Rejection Hurts. You’ve finally got your groundbreaking technology working in a product. You decide you are going to use a contract manufacturer (CM) rather than build-up a manufacturing plant yourself for commercial production. So, you start sending out your design to be quoted by medical device CMs. To your surprise, you receive one or more no-quote/no-bid responses. 1) It’s not you, it’s me It is possible, especially in the current economy, that the no-quote has more to do with the CM vendor than you. They may be at full capacity, they may not have the expertise or specialization they believe you need. They may be struggling internally to meet their existing commitments and not have bandwidth to take on something new. They may be refocusing on specific technology, treatment types or device classifications.
The point is, have the conversation. Talk to the manufacturer and find out what they can tell you about the no-quote. They may not be willing to share details, but they may surprise you.
2) Mismatched When I was a child, cleaning the bathroom or the windows each week for $1 in chore money seemed like a good offer. How else would I get enough money to
expand my sticker collection? By the time I was a young teen and able to earn a lot more babysitting, it wasn’t so exciting. Now, of course, I wouldn’t even entertain the offer.
Similarly, a partner that is too big is not going to see the pay-off. It is going to be too much work for too little reward. A partner/site that is too small is not going to be able to support the product volume you aim to manufacture; everything from their SOPs to capital equipment to supply chain is going to be overloaded. So, they no-quote rather than tank their existing business by taking on something they can’t handle yet. Finding the right manufacturing partner includes:
annual volume, especially ramp in years 1 through 5
existing supply chain and confidence in CM ability to meet COGS targets
ability to scale and gain economies of scale
existing infrastructural capacity and required capital investment
profitability targets for both the product and the CM overall
It may be difficult to get the CM to admit this mismatch, but asking questions like “what is your typical annual volume per product at this manufacturing site?” or “how do you define low volume and high volume?” or “does this site have a minimum annual revenue per product?” can be a good start.
3) It’s not me. IT’S YOU Once you’ve eliminated CM internal challenges and a mismatch on volume or profitability, it is time to face the hard truth: your product might be the problem. I work with clients who have created impressive new technology that patients are clamoring for. They have developed a working prototype. Formative Studies, engineering evaluation, pre-DV testing are all looking good and getting to market seems so close. Unfortunately, great technology in a functioning product isn’t enough. Take a hard look at your design. You may consider bringing in a fresh pair of eyes.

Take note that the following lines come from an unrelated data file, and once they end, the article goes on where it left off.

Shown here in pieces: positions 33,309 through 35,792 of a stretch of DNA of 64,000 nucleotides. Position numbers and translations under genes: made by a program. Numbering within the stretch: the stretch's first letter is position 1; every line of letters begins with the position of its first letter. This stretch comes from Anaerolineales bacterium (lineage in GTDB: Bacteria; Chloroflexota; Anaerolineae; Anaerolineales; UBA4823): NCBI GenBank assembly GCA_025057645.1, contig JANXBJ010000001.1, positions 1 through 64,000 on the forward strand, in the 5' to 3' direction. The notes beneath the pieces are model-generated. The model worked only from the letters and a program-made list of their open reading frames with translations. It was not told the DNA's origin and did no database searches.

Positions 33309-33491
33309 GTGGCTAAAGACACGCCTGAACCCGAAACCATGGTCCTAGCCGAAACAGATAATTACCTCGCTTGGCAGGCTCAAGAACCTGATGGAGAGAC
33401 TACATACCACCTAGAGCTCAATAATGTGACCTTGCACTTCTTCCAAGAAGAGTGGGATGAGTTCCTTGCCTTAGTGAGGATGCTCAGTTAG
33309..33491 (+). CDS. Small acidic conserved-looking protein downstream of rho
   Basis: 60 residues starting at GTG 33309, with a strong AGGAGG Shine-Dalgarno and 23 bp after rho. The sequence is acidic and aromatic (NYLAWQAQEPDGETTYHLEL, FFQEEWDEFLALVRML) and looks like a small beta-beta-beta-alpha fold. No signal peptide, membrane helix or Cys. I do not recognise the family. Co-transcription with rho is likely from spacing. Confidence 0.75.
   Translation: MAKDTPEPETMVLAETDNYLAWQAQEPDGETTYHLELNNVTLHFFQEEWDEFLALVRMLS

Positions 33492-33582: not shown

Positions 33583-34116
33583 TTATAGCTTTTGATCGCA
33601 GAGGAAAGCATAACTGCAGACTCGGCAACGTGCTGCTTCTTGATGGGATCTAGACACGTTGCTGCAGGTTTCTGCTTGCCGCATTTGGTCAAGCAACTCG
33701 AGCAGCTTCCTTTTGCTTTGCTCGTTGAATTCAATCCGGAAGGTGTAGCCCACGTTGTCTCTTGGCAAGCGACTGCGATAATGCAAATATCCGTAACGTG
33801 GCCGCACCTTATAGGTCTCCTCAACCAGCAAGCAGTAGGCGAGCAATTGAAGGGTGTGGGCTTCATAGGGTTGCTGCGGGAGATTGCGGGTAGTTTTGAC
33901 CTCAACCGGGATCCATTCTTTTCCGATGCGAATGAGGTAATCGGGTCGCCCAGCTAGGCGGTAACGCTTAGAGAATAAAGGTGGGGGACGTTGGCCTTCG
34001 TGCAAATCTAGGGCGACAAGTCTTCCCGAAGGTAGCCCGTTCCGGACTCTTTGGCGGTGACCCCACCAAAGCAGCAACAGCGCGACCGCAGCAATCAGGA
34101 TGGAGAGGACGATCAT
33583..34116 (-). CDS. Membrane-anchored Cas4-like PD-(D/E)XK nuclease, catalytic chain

Here are a few examples of commercialization considerations:
Nominal values and Tolerances – are they included on the drawing? Are they reasonable for industry standards by commodity? How tight a manufacturer has to hold the tolerances is going to impact which suppliers they can use and additional cost for secondary processes or additional scrap cost. Likewise, assemblies that rely heavily on humans to get them exactly right are going to drive up cost with in-process inspections.
Source controlled – contract manufacturers are going to have their preferred suppliers in terms of cost, quality and existing relationships. If they don’t have the ability to incorporate most of your bill of materials (BOM) into their supply chain, the opportunity is going to be less appealing.
Scalability – A contract manufacturer is not going to use engineers to build your product. Can your existing design be built with simple processes, clear instructions and limited training? How manual is the assembly of your existing design? Does your assembly align with the quantities in your ramp plan? For example, how hard would it be to semi-automate your manufacturing process? Do you have any single sourced components with limited availability? These are just a few of the concerns that come up when evaluating design vs ramp plan.
Cost – Is your COGS target reasonable given your BOM costs and assembly labor involved? Is your customer pricing appropriate for your target market? How much opportunity does the CM see in your existing pricing and COGS goals? Can the upfront cost of setting up your line, including assembly equipment, be covered with a typical 2-5 year ROI?
Funding – Is your company financially secure? Can the manufacturer trust they will get paid? Likewise, consider whether or not the CM is solvent enough to be a reliable partner.
Lack of information – if you are asking CMs to quote production unit pricing from a picture on your website, you are doing yourself a disservice. Talk to your CM and find out what information they need to give you a reliable quote. Most will want to review component and assembly drawings. If you have a secret sauce that you really cannot share even under NDA, at least give them what you can. The more information you provide, the more of their expertise you can benefit from.
At the end of the day, getting 1 no-quote response may not be a big deal. Two no-quote responses should be a red flag to evaluate the quote input package for some of the considerations above. And if all of your CM options are no-quoting, give us a call. I’d hate to see commercialization challenges get in the way of patients benefitting from your innovation.